Edinburgh based band Northern Alliance are part of the loose coalition of musicians known as the Fence Collective. This is the band’s third album coming over two years after the critically acclaimed Hope in Little Things (2003) and Disaster for Scotland (2004). The band consists of Craig Smith (bass, guitars, keyboards, sampler), Doug Johnstone (drums, drum machine, guitars, keyboards, sampler, vocals) and Viv Strachan (vocals).
Having been consistently, in their own words, ‘low-fi’ on previous releases this is the band’s attempts to raise their profile both in terms of music and the public. It’s clear they seek higher things. It is very difficult to categorise the music as Northern Alliance genuinely don’t sound like anyone else, although the closest references are Pink Floyd (Meddle period) or the Canterbury sound of Caravan et al (both of whom are undergoing a renaissance at the moment) and more contemporary bands like Sparklehorse, Arab Strap or Belle and Sebastian. The lyrics are magical and prosaic and read like poetry on the sleeve but are issued in hushed harmonies or deliberately distorted vocals, placed far down in the mix, so as to make them somewhat subsidiary to the overall sound. Northern Alliance are far too intelligent for this to be anything other than deliberate, using purposeful repetition to make the voices another instrument to be added into the sonic mix. And what a wonderful sound it is. They seem to have placed the guitar as high up the treble scale and the bass sounds as low down so as to give them full scope to fill in the rest with swathes of breathtaking sound.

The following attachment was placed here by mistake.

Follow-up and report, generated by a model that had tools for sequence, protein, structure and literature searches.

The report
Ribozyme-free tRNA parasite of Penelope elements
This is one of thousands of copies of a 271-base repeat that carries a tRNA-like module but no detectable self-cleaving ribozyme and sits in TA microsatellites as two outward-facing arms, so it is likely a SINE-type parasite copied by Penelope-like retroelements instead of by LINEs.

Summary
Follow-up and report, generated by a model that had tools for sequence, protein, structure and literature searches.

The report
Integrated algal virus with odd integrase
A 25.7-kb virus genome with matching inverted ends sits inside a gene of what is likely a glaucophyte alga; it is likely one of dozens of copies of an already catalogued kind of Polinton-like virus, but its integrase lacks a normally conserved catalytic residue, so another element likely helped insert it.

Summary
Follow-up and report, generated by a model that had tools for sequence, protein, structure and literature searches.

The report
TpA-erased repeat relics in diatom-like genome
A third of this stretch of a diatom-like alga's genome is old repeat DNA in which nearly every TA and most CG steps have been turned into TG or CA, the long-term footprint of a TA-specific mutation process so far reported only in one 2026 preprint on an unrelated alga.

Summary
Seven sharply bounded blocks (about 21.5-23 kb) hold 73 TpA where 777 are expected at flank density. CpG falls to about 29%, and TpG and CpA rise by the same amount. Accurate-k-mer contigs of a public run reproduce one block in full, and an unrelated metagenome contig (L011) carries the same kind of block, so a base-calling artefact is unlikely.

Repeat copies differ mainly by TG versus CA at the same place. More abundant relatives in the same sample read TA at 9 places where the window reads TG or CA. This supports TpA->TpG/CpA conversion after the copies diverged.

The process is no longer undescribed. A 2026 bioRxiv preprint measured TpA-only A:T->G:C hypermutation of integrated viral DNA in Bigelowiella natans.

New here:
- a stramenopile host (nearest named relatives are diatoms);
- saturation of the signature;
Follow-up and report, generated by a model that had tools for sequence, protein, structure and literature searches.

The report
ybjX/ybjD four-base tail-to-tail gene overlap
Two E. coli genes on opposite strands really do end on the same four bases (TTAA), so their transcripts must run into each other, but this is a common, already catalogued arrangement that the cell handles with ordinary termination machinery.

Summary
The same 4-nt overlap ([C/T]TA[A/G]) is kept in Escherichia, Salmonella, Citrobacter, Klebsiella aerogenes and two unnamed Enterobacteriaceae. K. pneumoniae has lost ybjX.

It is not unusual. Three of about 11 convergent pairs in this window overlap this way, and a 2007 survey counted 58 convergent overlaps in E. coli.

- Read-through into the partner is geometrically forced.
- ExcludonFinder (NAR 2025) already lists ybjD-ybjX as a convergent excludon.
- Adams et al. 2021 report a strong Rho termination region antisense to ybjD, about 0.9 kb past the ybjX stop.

Tracks like the opening, gentle Wonders of the Invisible World and the following Line in the Sand set the pattern, building from a simple keyboard start into what, for Northern Alliance, is a full metal bash (that’s full, not too metal and more of a smite than a bash). There are even feedback driven guitar solos, tracks using vocal distortion and disco drumming in there. How much more ‘hi-fi’ can you get?
Stepping through the lyrics, the theme of the album seems initially one of despair – fearing for the future of their children, the Little Grains of Sands of the title, but close listening shows that there is still a feeling of hope that all may not be lost and that we are a Band of Hope as the closing track suggests.
There’s lots going on in this album – beautiful melodies, intelligent lyrics all set against a carefully worked out wall of sound. It’s an evocative, mystical journey that grows on you each time you listen.